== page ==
17. Pancakes are awesome...

    Yeah, you're right, there's something about pea soup and not liking peas that don't really go together... I wonder if it has anything to with the peas?

  18. no. definitely not. it has to be the ham that they throw in there.

  19. Neat, I just found your blog! I am a Swede in Canada, and I think I will have to show your blog to my husband to be. He (not me, i am perfectly happy here!) is considering moving to Sweden.

    Saved in Favourites... I will be back!

  20. You wrote:
    my understanding is that the idea of dagens lunch came about more as a social program to feed the workers. The problem is I can’t remember where in the hell I read that.

    I have heard the same thing. And I can't come up with an authoritative source either. Maybe it's got something to do with Rikskuponger (a tax-favorable program that lets employers subsidize the lunches of their workers). I know there are some set requirements for what is supposed to be included in a Dagens: Entrée, bread, salad, something to drink, and if I'm not mistaken, coffee afterwards.

  21. its out there somewhere. ot its just some sort of urban legend. you know. for history nerds like me.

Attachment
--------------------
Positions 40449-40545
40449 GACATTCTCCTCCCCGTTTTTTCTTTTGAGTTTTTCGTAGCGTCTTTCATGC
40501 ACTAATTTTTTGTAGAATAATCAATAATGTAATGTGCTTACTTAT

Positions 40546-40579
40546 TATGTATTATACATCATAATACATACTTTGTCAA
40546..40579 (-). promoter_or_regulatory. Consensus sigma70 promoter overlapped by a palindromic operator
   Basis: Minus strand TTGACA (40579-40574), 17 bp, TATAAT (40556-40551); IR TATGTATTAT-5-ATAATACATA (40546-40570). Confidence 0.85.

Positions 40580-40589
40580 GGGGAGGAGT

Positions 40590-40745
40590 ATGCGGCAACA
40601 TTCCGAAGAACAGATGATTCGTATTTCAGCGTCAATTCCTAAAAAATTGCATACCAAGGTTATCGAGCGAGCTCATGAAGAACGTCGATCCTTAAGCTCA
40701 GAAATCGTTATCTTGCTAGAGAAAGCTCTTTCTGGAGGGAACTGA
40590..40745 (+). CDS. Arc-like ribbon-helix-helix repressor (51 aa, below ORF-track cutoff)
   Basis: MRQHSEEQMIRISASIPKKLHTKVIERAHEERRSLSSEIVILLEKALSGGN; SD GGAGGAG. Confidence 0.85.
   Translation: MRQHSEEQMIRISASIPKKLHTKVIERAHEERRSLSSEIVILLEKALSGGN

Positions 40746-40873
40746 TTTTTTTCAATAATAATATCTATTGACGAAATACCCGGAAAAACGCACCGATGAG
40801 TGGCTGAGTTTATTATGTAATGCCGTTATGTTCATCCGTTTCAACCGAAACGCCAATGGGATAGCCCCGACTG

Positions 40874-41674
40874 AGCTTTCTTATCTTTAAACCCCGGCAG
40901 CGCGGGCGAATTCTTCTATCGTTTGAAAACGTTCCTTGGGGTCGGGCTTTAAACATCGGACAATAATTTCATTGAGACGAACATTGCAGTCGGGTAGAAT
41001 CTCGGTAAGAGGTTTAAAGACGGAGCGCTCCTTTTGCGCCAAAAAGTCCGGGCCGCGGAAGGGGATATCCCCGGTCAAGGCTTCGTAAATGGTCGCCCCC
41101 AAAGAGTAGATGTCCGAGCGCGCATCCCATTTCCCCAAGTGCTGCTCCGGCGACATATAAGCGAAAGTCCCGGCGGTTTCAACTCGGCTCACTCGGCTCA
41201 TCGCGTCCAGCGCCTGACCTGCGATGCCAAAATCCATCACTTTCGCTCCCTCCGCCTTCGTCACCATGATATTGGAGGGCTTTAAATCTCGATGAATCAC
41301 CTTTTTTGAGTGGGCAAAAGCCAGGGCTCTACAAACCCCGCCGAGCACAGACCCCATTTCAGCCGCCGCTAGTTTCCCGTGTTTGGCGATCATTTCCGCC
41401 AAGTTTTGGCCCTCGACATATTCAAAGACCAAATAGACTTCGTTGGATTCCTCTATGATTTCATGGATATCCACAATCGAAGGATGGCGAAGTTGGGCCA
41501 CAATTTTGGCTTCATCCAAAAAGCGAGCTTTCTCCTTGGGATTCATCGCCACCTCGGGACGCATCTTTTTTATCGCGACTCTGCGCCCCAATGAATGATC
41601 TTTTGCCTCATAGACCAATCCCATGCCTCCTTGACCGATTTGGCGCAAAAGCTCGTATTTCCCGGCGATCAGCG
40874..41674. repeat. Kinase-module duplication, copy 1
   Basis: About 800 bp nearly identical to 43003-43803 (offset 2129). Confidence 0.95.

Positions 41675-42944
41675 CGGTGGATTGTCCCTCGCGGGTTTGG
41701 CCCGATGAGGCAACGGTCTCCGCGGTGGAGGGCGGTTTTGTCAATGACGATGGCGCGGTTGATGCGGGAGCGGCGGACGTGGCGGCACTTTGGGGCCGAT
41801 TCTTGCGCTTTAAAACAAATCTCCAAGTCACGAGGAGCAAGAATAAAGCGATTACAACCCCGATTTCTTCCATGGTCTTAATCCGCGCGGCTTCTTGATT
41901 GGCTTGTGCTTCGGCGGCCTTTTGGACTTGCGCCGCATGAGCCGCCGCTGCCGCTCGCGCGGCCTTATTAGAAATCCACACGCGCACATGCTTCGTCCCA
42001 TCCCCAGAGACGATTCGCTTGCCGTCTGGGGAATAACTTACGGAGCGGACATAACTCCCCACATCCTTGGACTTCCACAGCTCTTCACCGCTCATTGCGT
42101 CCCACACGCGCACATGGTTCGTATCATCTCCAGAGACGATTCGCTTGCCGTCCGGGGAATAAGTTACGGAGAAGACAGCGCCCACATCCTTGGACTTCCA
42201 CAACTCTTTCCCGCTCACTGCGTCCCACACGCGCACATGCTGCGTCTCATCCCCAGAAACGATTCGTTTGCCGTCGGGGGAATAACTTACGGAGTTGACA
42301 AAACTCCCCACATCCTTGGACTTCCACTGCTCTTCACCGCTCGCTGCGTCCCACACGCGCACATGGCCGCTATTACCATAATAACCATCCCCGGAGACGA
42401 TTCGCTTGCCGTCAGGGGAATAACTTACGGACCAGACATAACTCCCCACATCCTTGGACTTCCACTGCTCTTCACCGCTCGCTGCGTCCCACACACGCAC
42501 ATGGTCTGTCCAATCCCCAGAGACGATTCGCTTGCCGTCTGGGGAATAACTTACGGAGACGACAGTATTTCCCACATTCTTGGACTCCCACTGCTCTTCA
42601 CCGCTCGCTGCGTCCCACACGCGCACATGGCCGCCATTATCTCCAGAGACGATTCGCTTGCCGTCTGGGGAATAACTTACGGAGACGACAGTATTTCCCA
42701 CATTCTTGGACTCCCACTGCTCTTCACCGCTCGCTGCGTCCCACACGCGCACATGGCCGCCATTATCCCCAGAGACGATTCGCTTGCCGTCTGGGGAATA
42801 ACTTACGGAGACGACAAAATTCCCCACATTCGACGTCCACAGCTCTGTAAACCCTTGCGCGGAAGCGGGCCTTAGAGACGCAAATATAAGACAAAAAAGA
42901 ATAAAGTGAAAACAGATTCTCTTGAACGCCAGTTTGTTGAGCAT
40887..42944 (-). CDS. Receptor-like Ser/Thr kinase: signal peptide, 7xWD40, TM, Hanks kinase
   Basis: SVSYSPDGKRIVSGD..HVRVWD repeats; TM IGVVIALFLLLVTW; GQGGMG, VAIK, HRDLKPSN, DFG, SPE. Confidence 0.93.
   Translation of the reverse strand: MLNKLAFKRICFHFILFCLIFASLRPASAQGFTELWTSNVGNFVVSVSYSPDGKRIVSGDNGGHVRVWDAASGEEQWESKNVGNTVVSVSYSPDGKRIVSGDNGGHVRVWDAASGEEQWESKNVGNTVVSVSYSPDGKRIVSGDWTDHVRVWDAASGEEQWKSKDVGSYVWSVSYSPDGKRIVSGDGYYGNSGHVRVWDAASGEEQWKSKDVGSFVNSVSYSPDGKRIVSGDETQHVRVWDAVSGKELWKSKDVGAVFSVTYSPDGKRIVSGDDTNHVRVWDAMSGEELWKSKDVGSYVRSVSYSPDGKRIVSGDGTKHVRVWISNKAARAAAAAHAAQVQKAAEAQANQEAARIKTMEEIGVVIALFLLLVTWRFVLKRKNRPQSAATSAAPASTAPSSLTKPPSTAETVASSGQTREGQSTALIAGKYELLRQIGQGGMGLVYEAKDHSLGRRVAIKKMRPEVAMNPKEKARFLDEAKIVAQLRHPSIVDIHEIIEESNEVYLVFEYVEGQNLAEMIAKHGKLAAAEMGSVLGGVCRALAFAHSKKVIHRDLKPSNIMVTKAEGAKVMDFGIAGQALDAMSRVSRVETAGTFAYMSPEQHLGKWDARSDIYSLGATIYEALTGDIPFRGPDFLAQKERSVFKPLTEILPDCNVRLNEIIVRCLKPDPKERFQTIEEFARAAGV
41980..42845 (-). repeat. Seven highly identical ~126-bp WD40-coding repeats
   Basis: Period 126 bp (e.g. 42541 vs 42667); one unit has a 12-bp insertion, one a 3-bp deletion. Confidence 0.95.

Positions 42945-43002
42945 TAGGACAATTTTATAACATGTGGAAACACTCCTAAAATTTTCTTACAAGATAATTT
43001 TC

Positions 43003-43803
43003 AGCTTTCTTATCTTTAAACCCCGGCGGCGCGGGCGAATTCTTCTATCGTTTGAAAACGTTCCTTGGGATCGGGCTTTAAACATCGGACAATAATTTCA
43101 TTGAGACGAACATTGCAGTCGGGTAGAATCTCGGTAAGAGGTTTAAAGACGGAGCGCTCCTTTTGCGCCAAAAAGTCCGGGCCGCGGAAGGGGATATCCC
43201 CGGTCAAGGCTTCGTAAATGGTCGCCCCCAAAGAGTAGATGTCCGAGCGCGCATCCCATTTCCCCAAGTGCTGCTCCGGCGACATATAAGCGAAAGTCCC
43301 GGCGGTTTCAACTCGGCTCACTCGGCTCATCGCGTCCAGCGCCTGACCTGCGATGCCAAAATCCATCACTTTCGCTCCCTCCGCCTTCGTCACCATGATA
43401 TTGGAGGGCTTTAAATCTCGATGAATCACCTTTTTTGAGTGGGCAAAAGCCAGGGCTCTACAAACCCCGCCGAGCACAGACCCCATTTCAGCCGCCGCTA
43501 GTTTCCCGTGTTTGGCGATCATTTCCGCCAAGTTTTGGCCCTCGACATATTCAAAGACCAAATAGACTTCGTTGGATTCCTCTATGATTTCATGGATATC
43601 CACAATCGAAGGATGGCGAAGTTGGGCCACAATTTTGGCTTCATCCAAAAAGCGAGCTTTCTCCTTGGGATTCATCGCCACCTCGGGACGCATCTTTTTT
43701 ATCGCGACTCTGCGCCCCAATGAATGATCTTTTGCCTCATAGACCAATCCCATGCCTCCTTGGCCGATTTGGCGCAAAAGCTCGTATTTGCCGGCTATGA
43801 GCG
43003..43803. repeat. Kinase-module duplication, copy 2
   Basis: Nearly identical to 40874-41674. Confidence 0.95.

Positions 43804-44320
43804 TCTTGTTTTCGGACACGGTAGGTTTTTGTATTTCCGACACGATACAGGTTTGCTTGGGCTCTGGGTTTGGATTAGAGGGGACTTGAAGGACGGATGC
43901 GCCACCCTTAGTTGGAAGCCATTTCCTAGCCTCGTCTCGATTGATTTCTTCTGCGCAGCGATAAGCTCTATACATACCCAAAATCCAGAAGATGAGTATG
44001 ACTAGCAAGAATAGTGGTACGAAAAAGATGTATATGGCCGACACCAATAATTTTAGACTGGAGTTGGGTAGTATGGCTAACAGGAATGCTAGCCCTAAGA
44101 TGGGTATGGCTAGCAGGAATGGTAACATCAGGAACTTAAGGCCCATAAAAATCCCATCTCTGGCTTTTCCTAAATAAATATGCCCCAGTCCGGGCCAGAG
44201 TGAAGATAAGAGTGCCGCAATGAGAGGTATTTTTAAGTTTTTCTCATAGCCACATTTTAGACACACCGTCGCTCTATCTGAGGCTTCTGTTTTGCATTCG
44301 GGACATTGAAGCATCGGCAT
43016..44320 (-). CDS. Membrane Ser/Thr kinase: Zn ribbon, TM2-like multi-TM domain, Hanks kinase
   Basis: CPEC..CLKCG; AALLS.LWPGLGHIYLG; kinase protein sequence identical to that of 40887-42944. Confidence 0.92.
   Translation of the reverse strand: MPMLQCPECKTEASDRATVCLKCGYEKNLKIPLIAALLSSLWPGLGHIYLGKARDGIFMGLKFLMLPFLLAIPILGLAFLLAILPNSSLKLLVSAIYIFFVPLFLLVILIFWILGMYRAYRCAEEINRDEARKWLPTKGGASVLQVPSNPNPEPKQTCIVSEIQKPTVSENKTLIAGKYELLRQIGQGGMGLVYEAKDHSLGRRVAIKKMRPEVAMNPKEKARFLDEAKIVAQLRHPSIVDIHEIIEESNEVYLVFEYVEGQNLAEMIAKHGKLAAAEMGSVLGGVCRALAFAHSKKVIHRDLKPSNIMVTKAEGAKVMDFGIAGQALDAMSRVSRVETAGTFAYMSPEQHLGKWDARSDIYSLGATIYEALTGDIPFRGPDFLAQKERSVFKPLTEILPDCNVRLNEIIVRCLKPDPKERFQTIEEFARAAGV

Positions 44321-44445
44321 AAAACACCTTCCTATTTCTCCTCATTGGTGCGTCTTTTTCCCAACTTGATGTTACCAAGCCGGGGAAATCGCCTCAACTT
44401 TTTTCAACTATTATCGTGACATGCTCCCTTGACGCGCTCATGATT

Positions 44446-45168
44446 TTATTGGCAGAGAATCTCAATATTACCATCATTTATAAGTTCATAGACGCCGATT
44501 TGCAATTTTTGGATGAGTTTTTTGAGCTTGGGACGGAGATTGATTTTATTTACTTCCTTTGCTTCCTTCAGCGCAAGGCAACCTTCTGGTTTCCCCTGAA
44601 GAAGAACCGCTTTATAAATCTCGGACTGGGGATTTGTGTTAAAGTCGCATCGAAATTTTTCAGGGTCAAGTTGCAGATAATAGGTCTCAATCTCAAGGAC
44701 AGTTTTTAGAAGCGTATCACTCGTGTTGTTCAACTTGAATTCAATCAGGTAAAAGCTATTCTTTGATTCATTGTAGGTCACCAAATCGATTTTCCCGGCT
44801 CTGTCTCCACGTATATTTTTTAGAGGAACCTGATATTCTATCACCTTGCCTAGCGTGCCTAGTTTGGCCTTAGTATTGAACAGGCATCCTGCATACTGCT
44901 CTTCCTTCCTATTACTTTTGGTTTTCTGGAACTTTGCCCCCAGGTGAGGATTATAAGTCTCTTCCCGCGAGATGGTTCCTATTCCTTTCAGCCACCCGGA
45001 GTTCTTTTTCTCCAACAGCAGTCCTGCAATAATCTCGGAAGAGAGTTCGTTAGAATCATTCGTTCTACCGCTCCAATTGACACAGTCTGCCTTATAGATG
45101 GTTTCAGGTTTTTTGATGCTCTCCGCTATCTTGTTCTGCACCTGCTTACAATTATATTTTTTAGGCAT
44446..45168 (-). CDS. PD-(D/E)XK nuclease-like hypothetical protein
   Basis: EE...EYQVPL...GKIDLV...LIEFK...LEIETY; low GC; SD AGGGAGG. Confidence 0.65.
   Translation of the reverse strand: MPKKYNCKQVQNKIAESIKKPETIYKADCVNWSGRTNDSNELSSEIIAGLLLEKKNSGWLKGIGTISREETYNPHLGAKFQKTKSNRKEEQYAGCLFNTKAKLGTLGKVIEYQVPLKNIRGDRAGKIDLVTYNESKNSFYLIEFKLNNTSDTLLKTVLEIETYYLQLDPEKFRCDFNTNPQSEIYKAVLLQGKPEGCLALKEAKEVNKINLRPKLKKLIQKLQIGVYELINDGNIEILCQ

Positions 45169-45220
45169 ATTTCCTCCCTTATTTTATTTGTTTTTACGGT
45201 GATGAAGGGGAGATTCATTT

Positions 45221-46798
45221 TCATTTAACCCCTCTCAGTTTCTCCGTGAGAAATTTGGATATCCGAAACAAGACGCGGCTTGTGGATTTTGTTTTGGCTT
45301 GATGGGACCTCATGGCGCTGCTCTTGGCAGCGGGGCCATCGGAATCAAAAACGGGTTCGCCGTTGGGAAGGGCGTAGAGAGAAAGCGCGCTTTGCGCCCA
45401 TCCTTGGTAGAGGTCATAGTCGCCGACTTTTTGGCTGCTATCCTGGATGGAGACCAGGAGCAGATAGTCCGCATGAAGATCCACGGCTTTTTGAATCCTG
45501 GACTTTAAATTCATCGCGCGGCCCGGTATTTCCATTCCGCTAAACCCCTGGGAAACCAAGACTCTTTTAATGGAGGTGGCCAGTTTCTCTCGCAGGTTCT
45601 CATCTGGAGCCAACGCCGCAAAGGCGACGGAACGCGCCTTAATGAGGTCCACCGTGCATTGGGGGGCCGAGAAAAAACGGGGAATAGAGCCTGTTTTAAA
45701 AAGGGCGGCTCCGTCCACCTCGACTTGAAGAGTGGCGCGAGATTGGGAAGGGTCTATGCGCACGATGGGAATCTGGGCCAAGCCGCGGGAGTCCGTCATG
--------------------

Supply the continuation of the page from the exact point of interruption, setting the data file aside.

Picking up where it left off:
22. Pea soup and pancakes. Green pea soup. Mmmm~! It works well with pancakes. I'm going to ask my girlfriend to make me some pea soup and pancakes in the morning. She's Swede; she should be able to make that if not anything else.

  23. it does work well... it seems like such a strange combination but its delicious.

  24. The most important thing imo is what kind of pea soup you eat.
    The best, the only "real" pea soup if you will, hehe, is of course "Soldatens Ärtsoppa" (The Soldiers Pea Soup)!

  25. I grew up in a Swedish neighborhood in Chicago, which is a LOT like having Scandinavia plopped in the Midwest, given the Chicago neighborhood system makes many such enclaves. Anywho, on Thursday at the old Villa Sweden or Svea both served pea soup and pancakes on Thursdays. Don't know about the 28-year "new" Ann Sather restaurant, but in the 1960s, that's what was served. I was told the fortified pea soup held people over for Friday's fasting and meatlessness, which the Lutherans in the area as well as the Catholics observed. Taaksamycket!

  26. it does make for a hearty meal that is for sure. plus its delicious.

  27. Quite an old post by now, but I know the reason for soup on Thursdays. In the olden days that was the maids day off (or afternoon off), so they prepared a meal that could easily be reheated. Not sure if that explains the combination with pancakes, but at least it explains the tradition of soup on Thursdays.